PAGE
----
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On Emigration and the State of the Highlands
Appendix E.

It is observed in the Statistical Account of Scotland— that if a Highlander is forced or induced to leave the small circle which occupied his first affections, he cares not how far he goes from home. Going to another parish, or the district of another clan, is to him an entire banishment; and when he has resolved to set out, whether from necessity or choice, he would as soon cross the Atlantic as he would cross an arm of the sea. It is only an immediate and very clear advantage that would induce him to stop.’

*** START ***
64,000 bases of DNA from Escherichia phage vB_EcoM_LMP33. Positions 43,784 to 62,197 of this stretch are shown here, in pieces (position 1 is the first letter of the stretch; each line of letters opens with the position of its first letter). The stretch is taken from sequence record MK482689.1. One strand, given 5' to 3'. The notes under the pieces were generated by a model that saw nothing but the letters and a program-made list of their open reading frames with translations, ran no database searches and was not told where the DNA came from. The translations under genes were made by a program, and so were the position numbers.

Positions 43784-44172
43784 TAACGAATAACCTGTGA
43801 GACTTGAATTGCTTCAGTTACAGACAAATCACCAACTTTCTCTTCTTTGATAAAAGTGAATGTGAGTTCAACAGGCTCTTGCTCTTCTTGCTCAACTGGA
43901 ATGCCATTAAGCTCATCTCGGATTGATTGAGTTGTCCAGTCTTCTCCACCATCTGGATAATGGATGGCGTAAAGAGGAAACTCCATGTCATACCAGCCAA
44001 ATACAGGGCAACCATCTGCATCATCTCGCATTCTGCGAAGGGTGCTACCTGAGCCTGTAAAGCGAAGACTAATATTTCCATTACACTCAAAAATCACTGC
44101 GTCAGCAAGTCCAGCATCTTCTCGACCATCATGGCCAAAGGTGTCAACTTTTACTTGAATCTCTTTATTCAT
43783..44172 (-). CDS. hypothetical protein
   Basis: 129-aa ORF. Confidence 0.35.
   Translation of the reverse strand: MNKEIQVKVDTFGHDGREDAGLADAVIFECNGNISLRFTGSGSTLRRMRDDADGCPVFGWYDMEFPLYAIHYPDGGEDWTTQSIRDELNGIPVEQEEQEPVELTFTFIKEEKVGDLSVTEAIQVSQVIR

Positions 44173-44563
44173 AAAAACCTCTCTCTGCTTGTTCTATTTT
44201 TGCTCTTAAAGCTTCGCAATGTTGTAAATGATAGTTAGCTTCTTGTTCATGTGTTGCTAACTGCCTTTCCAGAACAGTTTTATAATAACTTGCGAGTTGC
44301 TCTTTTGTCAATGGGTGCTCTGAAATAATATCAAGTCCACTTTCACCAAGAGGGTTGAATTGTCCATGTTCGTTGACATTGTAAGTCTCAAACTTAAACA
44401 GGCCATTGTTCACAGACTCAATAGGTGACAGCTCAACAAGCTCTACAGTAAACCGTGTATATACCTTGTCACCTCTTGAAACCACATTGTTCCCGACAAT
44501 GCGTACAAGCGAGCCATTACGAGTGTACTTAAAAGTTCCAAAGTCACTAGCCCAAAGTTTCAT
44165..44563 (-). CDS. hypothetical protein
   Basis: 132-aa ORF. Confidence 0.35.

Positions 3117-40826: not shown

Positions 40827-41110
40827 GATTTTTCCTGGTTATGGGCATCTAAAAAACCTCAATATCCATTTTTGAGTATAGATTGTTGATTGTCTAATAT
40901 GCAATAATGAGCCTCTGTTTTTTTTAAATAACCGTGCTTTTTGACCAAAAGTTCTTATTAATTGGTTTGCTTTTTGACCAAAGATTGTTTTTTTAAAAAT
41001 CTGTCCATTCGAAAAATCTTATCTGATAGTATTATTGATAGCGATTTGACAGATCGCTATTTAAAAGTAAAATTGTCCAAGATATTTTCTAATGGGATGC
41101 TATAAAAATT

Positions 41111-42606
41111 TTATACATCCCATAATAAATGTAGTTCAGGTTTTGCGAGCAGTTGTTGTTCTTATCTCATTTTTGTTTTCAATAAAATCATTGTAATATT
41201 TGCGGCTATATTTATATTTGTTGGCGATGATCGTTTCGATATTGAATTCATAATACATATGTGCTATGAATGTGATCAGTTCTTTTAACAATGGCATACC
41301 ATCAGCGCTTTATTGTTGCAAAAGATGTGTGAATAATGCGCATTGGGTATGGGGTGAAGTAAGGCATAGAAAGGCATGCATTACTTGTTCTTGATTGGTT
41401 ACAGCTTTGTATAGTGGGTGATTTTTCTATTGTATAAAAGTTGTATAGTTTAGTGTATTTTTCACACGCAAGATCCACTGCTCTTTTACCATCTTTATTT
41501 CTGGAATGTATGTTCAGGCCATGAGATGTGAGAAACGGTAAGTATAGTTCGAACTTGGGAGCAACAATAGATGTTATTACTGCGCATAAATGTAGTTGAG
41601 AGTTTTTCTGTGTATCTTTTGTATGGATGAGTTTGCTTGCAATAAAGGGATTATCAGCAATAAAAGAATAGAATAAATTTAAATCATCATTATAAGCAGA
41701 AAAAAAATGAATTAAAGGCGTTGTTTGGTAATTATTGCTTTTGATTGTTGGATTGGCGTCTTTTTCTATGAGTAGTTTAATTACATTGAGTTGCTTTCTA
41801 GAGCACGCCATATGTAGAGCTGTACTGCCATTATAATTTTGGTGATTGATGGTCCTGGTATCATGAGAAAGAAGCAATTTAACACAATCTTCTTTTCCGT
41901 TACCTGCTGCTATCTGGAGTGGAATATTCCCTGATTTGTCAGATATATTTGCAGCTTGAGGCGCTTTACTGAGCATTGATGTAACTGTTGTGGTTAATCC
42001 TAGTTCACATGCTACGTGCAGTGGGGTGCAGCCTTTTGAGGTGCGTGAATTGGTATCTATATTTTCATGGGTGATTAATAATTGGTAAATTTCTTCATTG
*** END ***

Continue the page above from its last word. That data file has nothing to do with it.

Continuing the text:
Of the truth of this observation I had myself a remarkable proof. Among the people engaged for my settlement in America were a few bound under indenture to a certain number of years service, and who at the end of that time were to receive small lots of land. Not having a convenient opportunity of taking them out along with the other settlers, I found employment for them for some months on my estate in the south of Scotland. Some of my friends imagined that they might be induced to settle in that neighbourhood, and, though I was not sanguine as to the probable result, I did not wish to dissuade the attempt. Every reasonable encouragement was accordingly offered; but the most favourable answer that could be obtained was, that if the same quantity of land was to be given to them, and on the same terms as in America, they would take the proposal into consideration.

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